When beginning this journey it is best to take your time and thoroughly research your college’s process. A common mistake some students make is applying for early access and committing when they aren’t sure that school is for them. This adventure is a process, one that is unique to you. Researching your school, talking to your counselor, and keeping track of time is only a few of the many ways to prepare for this journey. Gather your tools at your pace and then take the first step in this exciting new direction. 

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Meet the Hurricanes Wed, 09 Oct 2019 19:08:09 +0000 As the 2019-2020 school year kicks off, returning classmates not only welcome in all the freshman and transfer students, but also the new teachers and administration. Over the course of this school year, Marian hopes to get to know them more and learn some of the goals that they want to achieve. This week, the featured teachers are Mr. Toledo, who instructs music, Mr. Herman, one of the newest English teachers and Ms. Graf, who coaches and teaches science.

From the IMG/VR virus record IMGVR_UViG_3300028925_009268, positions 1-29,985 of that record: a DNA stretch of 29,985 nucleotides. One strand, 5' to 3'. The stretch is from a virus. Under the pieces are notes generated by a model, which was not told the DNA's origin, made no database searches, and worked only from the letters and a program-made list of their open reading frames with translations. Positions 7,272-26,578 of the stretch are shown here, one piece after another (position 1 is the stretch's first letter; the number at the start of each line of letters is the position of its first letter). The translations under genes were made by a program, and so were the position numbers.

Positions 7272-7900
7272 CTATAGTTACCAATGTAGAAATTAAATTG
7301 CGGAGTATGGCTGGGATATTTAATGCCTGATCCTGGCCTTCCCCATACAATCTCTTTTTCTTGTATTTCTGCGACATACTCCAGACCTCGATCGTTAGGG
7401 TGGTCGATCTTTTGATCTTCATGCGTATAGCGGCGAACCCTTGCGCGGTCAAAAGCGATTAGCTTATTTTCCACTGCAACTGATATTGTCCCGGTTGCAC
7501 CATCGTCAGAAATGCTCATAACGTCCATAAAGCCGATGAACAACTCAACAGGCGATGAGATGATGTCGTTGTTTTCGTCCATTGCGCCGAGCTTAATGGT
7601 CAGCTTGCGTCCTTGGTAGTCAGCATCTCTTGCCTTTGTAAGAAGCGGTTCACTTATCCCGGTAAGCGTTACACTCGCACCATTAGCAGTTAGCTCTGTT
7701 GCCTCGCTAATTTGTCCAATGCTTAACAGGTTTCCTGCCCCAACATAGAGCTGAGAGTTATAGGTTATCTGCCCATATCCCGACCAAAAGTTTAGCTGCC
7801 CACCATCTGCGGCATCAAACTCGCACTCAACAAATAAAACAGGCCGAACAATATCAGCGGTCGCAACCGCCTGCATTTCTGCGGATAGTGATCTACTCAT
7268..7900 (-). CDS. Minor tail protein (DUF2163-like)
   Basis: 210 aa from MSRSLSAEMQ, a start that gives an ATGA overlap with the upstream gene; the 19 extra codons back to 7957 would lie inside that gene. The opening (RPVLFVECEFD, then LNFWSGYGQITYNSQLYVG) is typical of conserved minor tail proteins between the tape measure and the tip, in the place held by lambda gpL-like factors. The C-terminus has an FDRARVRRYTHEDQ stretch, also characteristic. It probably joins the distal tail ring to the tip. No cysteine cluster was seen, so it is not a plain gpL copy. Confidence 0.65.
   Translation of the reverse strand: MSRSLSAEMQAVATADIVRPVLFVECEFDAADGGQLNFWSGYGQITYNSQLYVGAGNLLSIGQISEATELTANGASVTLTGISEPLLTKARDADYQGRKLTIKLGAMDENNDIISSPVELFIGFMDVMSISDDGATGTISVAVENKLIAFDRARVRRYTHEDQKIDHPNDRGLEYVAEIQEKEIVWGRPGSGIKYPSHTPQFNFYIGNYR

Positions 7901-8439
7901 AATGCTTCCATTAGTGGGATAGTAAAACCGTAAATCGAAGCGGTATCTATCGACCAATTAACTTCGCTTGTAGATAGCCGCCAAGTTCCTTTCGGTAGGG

Mr. Toledo is new to teaching highschoolers and says, “The high school aspect is different from what I am  used to.” He taught for twelve years at various elementary schools in the Rockford diocese. This year he is able to teach and work with students of all grade levels. One of the reasons Marian Central stands out so much is because “Students seem to take care of each other and each need is met” claims Mr. Toledo. This year he intends to adapt to the brand new environment all while keeping the legacy of Mr. Rome alive. Marian is grateful to work with Mr. Toledo and is excited to see what he accomplishes.